Historic Downtown Abilene

You can eat a good steak here in cowboy country—and take in some fine art while you’re at it.
Relics Home
Relics Home
Photograph by Artie Limmer

1. Relics Home

In its past lives, the twenties-era Boyd Building has been a gas station, a theater, and a hot tub outlet. Now it’s a 12,000-square-foot showroom filled with modern home furnishings arranged in aspirational vignettes. You’ll likely find design guru Rebecca Allen flipping through upholstery swatches for clients who drop in to swoon over hammered-copper coffee tables, wood-and-wrought-iron chandeliers, and armoires with antique mission doors. Venture upstairs to the “warehouse” to find more rustic treasures, like cowhide rugs and antler lamps. 1292 N. First, 325-670-9282, relicshome.com

2. Candies by Vletas

A quick tutorial: It’s pronounced “Va-lee-tas.” The surname of Greek immigrants who started this confectionery in 1912 will be rolling off your tongue after you stuff your face with hand-dipped delights—butter creams, pralines (served at W.’s inaugural dinner), and the signature white-chocolate-covered grapes—and begin proselytizing to all your friends. Though the founding family passed the reins to lifelong customer Pam McCombs in 1999, the recipes and techniques remain the same, as does the primary marketing ploy: free samples. 1201 N. First, 800-725-6933, candiesbyvletas.com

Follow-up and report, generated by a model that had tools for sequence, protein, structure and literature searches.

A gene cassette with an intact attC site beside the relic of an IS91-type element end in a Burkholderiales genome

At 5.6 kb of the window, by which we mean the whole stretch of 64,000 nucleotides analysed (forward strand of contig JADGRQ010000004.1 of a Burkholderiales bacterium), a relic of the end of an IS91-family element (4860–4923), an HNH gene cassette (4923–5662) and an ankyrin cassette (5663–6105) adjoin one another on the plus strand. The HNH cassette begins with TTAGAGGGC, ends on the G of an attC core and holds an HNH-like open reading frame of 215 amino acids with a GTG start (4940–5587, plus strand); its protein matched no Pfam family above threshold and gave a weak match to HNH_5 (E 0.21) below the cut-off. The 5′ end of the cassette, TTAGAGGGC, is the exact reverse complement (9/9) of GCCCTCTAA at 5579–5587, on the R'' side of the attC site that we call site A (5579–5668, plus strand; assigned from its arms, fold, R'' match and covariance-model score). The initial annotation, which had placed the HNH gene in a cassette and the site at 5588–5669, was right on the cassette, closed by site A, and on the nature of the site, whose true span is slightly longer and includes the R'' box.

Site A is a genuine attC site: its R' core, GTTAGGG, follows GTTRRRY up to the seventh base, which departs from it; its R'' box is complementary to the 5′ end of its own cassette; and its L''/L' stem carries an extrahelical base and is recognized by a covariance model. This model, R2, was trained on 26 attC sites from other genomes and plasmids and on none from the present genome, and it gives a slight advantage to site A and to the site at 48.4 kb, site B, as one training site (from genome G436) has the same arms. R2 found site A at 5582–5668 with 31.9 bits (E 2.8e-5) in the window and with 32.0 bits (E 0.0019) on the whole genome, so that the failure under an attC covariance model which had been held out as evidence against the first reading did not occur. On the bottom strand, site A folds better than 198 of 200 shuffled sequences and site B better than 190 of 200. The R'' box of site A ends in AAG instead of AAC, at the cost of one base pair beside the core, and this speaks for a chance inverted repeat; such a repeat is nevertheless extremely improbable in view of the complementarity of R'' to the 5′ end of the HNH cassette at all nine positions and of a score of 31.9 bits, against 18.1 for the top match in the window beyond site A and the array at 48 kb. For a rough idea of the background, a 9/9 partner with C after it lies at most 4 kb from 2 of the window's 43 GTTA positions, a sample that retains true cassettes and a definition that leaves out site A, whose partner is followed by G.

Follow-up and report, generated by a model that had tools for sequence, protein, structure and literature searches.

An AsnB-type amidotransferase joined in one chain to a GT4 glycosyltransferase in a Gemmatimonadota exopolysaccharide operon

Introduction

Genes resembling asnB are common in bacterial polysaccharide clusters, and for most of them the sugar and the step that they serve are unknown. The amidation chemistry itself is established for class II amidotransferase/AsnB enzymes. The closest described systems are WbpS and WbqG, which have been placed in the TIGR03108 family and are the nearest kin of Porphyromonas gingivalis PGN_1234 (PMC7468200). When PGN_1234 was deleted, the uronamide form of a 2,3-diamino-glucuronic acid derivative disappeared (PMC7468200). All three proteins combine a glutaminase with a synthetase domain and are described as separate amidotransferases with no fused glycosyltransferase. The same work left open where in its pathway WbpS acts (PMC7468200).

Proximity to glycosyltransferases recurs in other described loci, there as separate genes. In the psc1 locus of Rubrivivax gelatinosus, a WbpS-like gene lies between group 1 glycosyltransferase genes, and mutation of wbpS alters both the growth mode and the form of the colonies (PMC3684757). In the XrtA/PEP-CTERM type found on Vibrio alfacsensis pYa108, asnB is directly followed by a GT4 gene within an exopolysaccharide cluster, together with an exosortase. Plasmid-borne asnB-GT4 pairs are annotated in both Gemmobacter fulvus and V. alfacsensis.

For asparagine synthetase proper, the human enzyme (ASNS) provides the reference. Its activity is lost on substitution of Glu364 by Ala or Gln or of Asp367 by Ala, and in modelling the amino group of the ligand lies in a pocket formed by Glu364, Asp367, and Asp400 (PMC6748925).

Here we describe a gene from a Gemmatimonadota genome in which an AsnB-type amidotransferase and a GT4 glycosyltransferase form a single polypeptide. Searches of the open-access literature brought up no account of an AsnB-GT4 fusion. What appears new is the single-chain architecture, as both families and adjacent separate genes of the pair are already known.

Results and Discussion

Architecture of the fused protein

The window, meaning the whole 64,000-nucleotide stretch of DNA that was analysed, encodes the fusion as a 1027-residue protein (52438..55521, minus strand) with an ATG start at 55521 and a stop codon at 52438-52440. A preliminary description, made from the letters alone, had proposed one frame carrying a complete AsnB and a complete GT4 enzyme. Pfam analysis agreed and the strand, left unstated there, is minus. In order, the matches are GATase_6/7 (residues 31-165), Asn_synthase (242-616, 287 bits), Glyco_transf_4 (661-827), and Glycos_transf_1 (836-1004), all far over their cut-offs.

3.The Grace Museum

Fine-art aficionados, history buffs, and precocious tots perambulate through this five-gallery, four-story, three-in-one museum housed in the iconic 1909 Hotel Grace. Between the robust permanent collection (which features works by James Surls, Andy Warhol, and Vernon Fisher), the mind-expanding exhibits (you have till June 30 to ogle the amusingly clunky TV sets in the “Tools for Modern Living” show), and the interactive kids’ area (who can resist a life-size game of Operation?), everyone will be happily engaged. 102 Cypress, 325-673-4587, thegracemuseum.org

4. Texas Star Trading Co.

Though this store carries predictably goofy novelties (a shotgun barbecue lighter, an “official” Texas passport), the real draws are the made-in-Texas must-haves: olive oil soaps crafted in Strawn, glass

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